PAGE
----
Chapter 3:21–27 introduces the concept of premortal existence, that men and women had a prior life (“coexisted”34) with God before being born on earth. Those who were “noble” in their pre-earth life (man’s first estate) were to be the “rulers” on earth (man’s second estate). This led to an interpretation that everyone’s birth on earth is a direct result of his/her worthiness in a prior life in heaven, thus the belief that those less valiant were born black while the righteous were born white.35 The Bible, however, clearly teaches that only the Godhead has eternal existence. We are God’s creation and did not have a spiritual existence prior to our birth on earth. When Jesus declared, “Before Abraham was, I am” (John 8:58 KJV), He was claiming to be truly God and that Abraham had a beginning. In Zechariah 12:1 we read that God “formeth the spirit of man within him” (KJV).

Chapters 4 and 5 of the Book of Abraham seem to be a rewrite of the Genesis creation story with the addition of multiple gods involved in the process. For instance, verse 3 reads, “And they (the Gods) said: Let there be light; and there was light.” Curiously, this contradicts his earlier revelation of Moses’ account: “And I, God, said: Let there be light; and there was light.”36 If Moses was as inspired as Abraham, why didn’t he understand that the creation was accomplished by a council of gods? During the early years of Mormonism, Joseph Smith preached the standard doctrine of the Father, Son, and Holy Ghost. However, by the 1840s he had begun to teach a plurality of gods, completely ignoring the biblical doctrine of one eternal, unchanging God and even contradicting his earlier writings.37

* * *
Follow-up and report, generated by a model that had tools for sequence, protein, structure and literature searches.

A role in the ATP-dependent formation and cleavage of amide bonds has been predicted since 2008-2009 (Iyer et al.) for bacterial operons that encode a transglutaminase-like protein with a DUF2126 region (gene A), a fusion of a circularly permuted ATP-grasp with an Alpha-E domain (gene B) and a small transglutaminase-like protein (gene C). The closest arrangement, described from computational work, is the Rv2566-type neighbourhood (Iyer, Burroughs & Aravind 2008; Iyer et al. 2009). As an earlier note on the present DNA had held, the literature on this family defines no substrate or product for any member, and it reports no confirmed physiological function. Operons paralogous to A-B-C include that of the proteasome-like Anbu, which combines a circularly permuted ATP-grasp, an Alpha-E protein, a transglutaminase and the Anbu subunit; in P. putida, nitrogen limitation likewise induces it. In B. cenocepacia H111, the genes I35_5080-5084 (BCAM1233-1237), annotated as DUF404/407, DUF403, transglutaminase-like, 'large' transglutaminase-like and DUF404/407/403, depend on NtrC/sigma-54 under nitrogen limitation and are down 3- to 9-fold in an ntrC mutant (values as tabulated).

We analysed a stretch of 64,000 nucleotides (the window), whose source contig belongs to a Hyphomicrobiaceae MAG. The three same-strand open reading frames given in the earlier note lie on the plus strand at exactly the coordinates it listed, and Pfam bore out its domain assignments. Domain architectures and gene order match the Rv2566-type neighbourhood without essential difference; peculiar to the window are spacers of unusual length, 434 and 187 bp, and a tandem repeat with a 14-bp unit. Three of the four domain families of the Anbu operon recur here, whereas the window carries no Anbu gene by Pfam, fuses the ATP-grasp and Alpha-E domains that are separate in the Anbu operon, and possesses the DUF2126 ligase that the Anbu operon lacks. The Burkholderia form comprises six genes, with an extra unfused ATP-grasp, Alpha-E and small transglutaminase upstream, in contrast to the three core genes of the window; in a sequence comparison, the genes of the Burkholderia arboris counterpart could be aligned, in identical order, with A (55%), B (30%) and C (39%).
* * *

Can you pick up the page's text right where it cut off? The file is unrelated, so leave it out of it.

The Bible calls us to “test the spirits” and examine the teachings of those professing to be prophets.38 When we apply these tests to Joseph Smith and his book of scripture, we are left with (1) a book that is not an authentic translation of a document written by Abraham and (2) a text that teaches heretical doctrine. Therefore, the only course for the Christian is to reject both Joseph Smith and his scripture.


1 Joseph Smith, The History of the Church, vol. 2 (Salt Lake City: Deseret Book, 1976), 236.

2 “Figures of the Past,” in Among the Mormons: Historical Accounts by Contemporary Observers, ed. William Mulder and Russell Mortensen (New York: Knopf, 1958), 136–37.

3 Sidney B. Sperry, Ancient Records Testify in Papyrus and Stone, Course of Study, Adult Department, M.I.A. (1938), 83.

4 Smith, vol. 2, 238.

5 Book of Abraham, Explanation of Facsimile No. 1, Pearl of Great Price, Church of Jesus Christ of Latter-day Saints, 1981.

6 Richard A. Parker, “The Joseph Smith Egyptian Papyri: A Preliminary Report,” Dialogue: A Journal of Mormon Thought, 3, 2 (Summer 1968): 86.


8 Pearl of Great Price, Explanation of Facsimile No. 2.

9 Rt. Rev. F. S. Spalding, Joseph Smith Jr., as a Translator (Salt Lake City: The Arrow Press, 1912), 26. Photo reprint by Utah Lighthouse Ministry under the title Why Egyptologists Reject the Book of Abraham.

10R. C. Webb, Joseph Smith as a Translator (Salt Lake City: Deseret News Press, 1936), 130, 165, 173, 175, 177, 179.